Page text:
Senators Jeanne Shaheen and Mary Landrieu (Credit: Douglas Graham/CQ Roll Call/Newscom)

Senators Jeanne Shaheen and Mary Landrieu (Credit: Douglas Graham/CQ Roll Call/Newscom)

Senate Democrats who joined with Republicans to deliver an unexpected defeat Wednesday to President Obama’s pick for a key Justice Department post got much of the initial attention. An equal number of Democrats who supported nominee Debo Adegbile, however, now face potentially withering scrutiny.

“The 30-second [attack] ads write themselves,” as one Senate aide said.

Obama’s nomination of Adegbile to be assistant attorney general in charge of the Civil Rights Division drew outrage — along with respect for his skills as a litigator — because Adegbile had championed notorious cop killer Mumia Abu-Jamal while a leader of the NAACP Legal Defense Fund.

Senate observers consider at least seven Democrats to be vulnerable after backing Adegbile in the failed 47-52 vote to advance his nomination in the face of bitter opposition from national and state police groups. They are Mark Begich of Alaska, Al Franken of Minnesota, Kay Hagan of North Carolina, Mary Landrieu of Louisiana, Jeanne Shaheen of New Hampshire, Mark Udall of Colorado, and Mark Warner of Virginia.

Abu-Jamal was convicted and sentenced to death for the 1981 murder of Officer Daniel Faulkner on a Center City Philadelphia street. The former Black Panther’s death penalty was overturned in 2011, in part through Adegbile’s legal efforts.

“This is not at all about the principle that every defendant deserves a competent attorney,” Senator Pat Toomey (R-PA), who led the opposition to Adegbile, said in talking about the nomination fight in a speech Thursday morning at the Conservative Political Action Conference (CPAC) just outside Washington, D.C.:

This was always about the principle that no one should be able to make a mockery of the criminal justice system, fan the flames of racial strife in America, join a dishonest international anti-American campaign, along the way drag the family of a fallen police officer through three decades of hell and then be confirmed to a high post of the Justice Department.

As The Foundry reported Wednesday, the Democrats who voted against Adegbile included Bob Casey Jr. of Pennsylvania, Chris Coons of Delaware, Joe Donnelly of Indiana, Heidi Heitkamp of North Dakota, Joe Manchin of West Virginia, Mark Pryor of Arkansas and John Walsh of Montana.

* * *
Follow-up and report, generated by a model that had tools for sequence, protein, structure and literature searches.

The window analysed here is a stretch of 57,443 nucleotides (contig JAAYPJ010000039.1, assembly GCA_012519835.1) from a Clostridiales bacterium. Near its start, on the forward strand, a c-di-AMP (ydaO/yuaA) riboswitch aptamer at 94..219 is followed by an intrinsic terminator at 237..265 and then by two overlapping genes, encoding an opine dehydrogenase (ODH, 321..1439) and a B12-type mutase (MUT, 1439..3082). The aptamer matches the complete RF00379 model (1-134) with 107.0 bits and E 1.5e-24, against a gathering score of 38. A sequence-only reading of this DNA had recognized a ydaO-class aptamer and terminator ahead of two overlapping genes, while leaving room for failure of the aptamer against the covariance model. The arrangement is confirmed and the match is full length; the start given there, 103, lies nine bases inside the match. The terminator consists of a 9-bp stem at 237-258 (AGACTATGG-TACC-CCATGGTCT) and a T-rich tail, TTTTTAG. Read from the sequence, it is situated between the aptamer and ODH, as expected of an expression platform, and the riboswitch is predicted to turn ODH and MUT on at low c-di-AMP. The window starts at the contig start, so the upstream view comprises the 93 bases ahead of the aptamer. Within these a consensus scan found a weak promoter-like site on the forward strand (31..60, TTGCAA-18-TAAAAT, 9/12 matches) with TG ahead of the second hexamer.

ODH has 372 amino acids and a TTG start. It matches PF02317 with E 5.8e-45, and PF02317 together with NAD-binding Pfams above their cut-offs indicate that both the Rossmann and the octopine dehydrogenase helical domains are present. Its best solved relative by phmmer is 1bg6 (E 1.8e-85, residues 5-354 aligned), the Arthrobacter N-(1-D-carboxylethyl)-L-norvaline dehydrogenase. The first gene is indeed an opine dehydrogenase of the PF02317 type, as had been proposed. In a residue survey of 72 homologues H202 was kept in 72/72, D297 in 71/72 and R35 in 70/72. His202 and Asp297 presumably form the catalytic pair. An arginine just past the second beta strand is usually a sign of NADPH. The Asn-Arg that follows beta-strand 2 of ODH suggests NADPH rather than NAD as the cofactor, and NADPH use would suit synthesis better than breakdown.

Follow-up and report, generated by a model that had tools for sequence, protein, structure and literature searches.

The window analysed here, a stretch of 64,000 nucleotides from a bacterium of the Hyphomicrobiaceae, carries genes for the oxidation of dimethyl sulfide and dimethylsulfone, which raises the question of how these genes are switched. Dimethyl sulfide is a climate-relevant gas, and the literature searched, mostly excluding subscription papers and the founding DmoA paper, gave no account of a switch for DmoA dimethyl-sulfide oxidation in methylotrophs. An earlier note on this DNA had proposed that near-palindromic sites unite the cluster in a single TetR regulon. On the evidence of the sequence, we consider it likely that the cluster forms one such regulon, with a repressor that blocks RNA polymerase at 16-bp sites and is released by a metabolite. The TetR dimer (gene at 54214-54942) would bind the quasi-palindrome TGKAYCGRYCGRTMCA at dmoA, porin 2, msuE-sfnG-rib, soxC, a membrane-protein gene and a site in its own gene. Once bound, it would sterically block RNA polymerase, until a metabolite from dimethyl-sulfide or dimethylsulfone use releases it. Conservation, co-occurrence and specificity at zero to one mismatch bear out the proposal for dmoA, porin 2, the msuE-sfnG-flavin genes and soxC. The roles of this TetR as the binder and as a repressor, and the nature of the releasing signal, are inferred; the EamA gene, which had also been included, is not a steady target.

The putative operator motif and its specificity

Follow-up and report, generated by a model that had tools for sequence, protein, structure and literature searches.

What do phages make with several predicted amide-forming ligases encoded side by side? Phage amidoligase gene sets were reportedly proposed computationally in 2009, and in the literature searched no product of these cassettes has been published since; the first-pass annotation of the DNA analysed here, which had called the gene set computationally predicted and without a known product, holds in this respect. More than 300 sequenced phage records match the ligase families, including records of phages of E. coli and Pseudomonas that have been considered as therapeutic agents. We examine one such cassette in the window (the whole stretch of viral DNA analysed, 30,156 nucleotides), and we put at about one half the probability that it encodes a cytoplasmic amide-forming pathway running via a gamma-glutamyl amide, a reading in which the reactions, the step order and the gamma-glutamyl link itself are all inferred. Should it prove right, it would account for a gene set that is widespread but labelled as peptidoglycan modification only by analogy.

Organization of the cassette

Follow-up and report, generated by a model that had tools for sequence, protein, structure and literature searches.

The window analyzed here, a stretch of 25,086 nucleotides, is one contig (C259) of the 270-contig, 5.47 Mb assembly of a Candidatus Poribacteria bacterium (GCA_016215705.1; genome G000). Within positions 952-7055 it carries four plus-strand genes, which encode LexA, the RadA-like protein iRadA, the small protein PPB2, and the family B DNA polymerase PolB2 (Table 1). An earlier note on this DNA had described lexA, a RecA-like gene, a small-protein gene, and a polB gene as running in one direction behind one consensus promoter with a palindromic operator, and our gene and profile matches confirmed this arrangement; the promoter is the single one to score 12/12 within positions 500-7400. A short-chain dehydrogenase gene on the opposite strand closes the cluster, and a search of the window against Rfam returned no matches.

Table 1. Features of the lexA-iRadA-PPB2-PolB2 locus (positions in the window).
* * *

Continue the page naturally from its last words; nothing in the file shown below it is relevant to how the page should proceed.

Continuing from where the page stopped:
Because he “flipped,” Coons cast perhaps the most surprising vote. Coons had supported the nomination when the Judiciary Committee on which he sits — and where Adegbile is on staff as senior counsel — advanced Obama’s nominee to the full Senate in a 10-8 party-line vote.

Then there was Manchin. Onlookers said the West Virginia Democrat was visibly moved as he presided Tuesday while Toomey made his fourth floor speech opposing Adegbile. As before, Toomey repeatedly underlined the brutality of the crime and Adegbile’s publicity-garnering willingness to portray Abu-Jamal as a folk hero at a time when the convicted murderer had no shortage of lawyers.

Manchin later asked Toomey’s office for more information about the case. Manchin also had a telephone conversation with the slain officer’s widow, Maureen Faulkner, who had pleaded with the Judiciary Committee to reject Adegbile.

Heitkamp, another Democrat who did not support Obama’s nominee, also appeared affected by Toomey’s presentation when she presided during an earlier floor speech, observers said.

“Sometimes it still works,” the Senate aide said of Toomey’s impassioned speeches and other time-honored tactics, such as building on a collegial relationship with Manchin.

Although scores of civil-rights groups were behind Adegbile, state and local chapters of the Fraternal Order of Police let their opposition be known. Senators more than likely heard from FOP officials in their states — whether, like Coons, they were among the seven Democrats who decided to vote against Adegbile or, like Shaheen, among Democrats who opted to stick with Obama’s politically risky choice.

In the end, the local police groups “raised hell” about the Adegbile nomination, the Senate aide said, leaving little doubt how difficult a time he would have working with them at the Justice Department. The national FOP was less consequential after backing away late last week from an earlier pledge to include the nomination vote on its legislative scorecard.

The run-up to the vote proved suspenseful as Reid moved it several times after first signaling his intent late  last week, because the snowstorm Monday prevented many senators from returning to Washington. The presence of Vice President Joe Biden in the chamber, to break a possible tie, was a sign of the high stakes.

For now, Reid is not expected to seek reconsideration of the nomination — something the rules allow since he voted against Adegbile solely to reserve that right. Senator Tom Harkin (D-IA), who is retiring this year, was a rare Democrat in his decision to take to the floor hours later to denounce the vote as one of the most “shameful” of his 30 years in the Senate.

This story was produced by The Foundry’s news team. Nothing here should be construed as necessarily reflecting the views of The Heritage Foundation.